Well, I’m all set to start – an hour more of packing and I’ll be ready. I got my banking done yesterday. My! I feel rich. Mr. Moerdyk gave me a bigger check last week than I’ve ever had before in my life – 2500 Rupees! – my last two months’ salary and travel money. No wonder missionaries get such small salaries – the expense of sending them to the field or sending them back is nearly equal to a year’s salary. I don’t expect to use all Mr. Moerdyk gave me , but they always give you a liberal amount for emergencies and all that is not used must be refunded. Also, I got a half fare rate on the railway to Baghdad fixed up because, you see, I am in Education!

Friday was the last day of school. We had class right thru the last period and had no closing exercises except a few speeches of farewell and thanks, etc. etc. by some of the boys and teachers. I got my share of it, altho I don’t know what it was all about, because it was in Arabic. They even asked me, in Arabic, to say a few words – so that is a poor reflection on the English I have taught them.

I had a letter from Potter this week and Mr. Moerdyk had one from Van Ess, saying that they now have a young fellow from Rutgers as a good prospect for coming out to take my place. The boys are continually asking me who is coming in my place. They say they won’t let me go until someone else is here. They were here yesterday most of the time while I was packing and trailed me wherever I went. Some of them have been here again today.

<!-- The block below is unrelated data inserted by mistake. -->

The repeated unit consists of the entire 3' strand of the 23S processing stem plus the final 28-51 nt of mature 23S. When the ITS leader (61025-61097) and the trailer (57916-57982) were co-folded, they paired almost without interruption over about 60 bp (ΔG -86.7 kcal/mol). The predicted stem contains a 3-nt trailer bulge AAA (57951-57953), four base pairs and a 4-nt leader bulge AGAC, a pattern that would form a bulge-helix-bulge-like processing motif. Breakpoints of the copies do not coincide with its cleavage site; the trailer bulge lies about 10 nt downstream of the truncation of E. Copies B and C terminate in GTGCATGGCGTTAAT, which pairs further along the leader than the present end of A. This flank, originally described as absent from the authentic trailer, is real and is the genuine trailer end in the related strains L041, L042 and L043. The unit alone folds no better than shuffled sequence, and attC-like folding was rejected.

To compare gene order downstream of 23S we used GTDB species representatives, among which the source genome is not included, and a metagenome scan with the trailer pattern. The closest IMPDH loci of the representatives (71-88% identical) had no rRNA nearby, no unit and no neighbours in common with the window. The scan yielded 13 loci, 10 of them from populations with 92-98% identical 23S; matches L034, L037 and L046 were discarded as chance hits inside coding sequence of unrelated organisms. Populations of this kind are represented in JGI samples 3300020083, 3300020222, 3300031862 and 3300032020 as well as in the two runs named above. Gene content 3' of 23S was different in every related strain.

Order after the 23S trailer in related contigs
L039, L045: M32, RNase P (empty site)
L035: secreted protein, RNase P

Well, I am too excited to do any more writing. I’ll see you all soon after you get this. Tomorrow night I leave Basrah. One of the teachers is going with me as far as Beirut, so that will be good company.

Your loving son and brother,


Mahalas on the Shatt el Arab


[62]Grace Strang continued her missionary service in Iraq with the United Mission of Mesopotamia.

[63]This was Sayyid Talib Pasha, the Naqib of Basrah. See page 74.